Consequently, it would have to be more of a group eflort than anything else. And that's what it's been—right up to the present day. The guys are the ones that are the players.
The Herd tag was originally put on us by George Simon, who used to be the editor of Metronome magazine. Along about '43 or '44, he wrote a piece about the band and called it "The Thundering Herd". From that time on we called it the Herman Herd. It wasn't really deliberate, except that I said: "It sounds like it should, so let's use it in the billing." So it started as a billing matter. Of course, it was a new development for the times.
We didn't plan these things. As a matter of fact, there's been very little planning in my lifetime. The second Herd was probably planned more than anything I've ever done, and it came off pretty well. But I'd rather do it the way I do most times, and that's just sit down and try to play the best music we can. And get the best guys to write for us.
Then, too, you're guided to a great extent by the individual players you have. Should be. In other words, if they have limitations, you don't play music that proves it. You play music that shows off their best efforts, not their worst.
That's why the first band we ever had was called "The Band That Plays The Blues". It was as simple as that. We had seven guys, including myself, who were members of this co-operative group. Some had been with Isham and some not.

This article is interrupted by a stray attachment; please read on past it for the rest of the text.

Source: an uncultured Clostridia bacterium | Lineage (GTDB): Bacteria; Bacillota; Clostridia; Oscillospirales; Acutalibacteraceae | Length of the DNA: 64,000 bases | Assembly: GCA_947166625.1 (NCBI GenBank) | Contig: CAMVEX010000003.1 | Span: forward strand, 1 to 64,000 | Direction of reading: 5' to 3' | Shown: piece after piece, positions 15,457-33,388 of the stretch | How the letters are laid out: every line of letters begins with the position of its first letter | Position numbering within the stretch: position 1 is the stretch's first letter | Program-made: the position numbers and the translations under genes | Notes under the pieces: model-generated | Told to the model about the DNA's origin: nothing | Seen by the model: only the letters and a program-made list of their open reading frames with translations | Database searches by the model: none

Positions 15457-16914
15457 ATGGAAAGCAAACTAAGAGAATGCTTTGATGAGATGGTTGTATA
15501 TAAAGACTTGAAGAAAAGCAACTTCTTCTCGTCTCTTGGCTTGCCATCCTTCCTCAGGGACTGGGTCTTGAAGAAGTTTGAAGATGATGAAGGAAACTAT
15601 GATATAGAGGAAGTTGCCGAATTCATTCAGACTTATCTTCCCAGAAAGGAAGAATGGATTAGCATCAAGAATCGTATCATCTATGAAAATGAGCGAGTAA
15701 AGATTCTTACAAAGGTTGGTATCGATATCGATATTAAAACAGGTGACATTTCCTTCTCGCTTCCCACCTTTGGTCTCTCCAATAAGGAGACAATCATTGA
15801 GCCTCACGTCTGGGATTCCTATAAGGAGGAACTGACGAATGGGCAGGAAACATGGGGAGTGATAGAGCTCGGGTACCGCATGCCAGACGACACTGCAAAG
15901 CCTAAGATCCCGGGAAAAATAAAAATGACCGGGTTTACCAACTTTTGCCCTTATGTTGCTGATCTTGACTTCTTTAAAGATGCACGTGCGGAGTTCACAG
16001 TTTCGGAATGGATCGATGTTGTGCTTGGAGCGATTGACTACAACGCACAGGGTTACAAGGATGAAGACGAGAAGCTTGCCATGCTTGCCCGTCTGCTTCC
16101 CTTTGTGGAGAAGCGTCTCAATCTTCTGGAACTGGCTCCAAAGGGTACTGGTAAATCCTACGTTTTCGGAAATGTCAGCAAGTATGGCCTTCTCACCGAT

The reason we hung that tag was that, with our limitations, the best thing we could do was play some blues. We didn't have facets for other things that would be as good as if we just sat there and played our kind of thing. And our kind of thing was the blues.
Naturally, Ralph Burns was a big factor in the evolution of the next band. He came along with people like Chubby Jackson, Dave Tough, then Bill Harris later, and Flip Phillips. In Ralph's case, it was Chubby who had worked with him with Charlie Barnet. Chubby said: "I'd like to have this guy write an arrangement', and I said: "Fine".
The first thing he brought in for the band was an arrangement of "I've Got The World On A String", which had a vocal in it. It’s still in the book somewhere. Later we recorded it, but in the interim he came in and started playing piano with us. He became the big force behind that band—doing 90 per cent. of the writing.
So the two biggest sources we had were Ralph and our head things. Then people like Neal Hefti and some of the other guys would write on occasion. It was a very happy thing—musically and every other way.
When somebody outside the band writes for us, if it's a guy I don't know very well, I just say: "If you dig the band, write whatever you think will make the band sound good." With someone like Nat Pierce, who does a great deal of the writing, we discuss possibilities for tunes. But that's all it is—a discussion. I might have an idea, and give it to him—or vice versa. And this is what I did to a great extent with Ralph Burns, back in his formative years.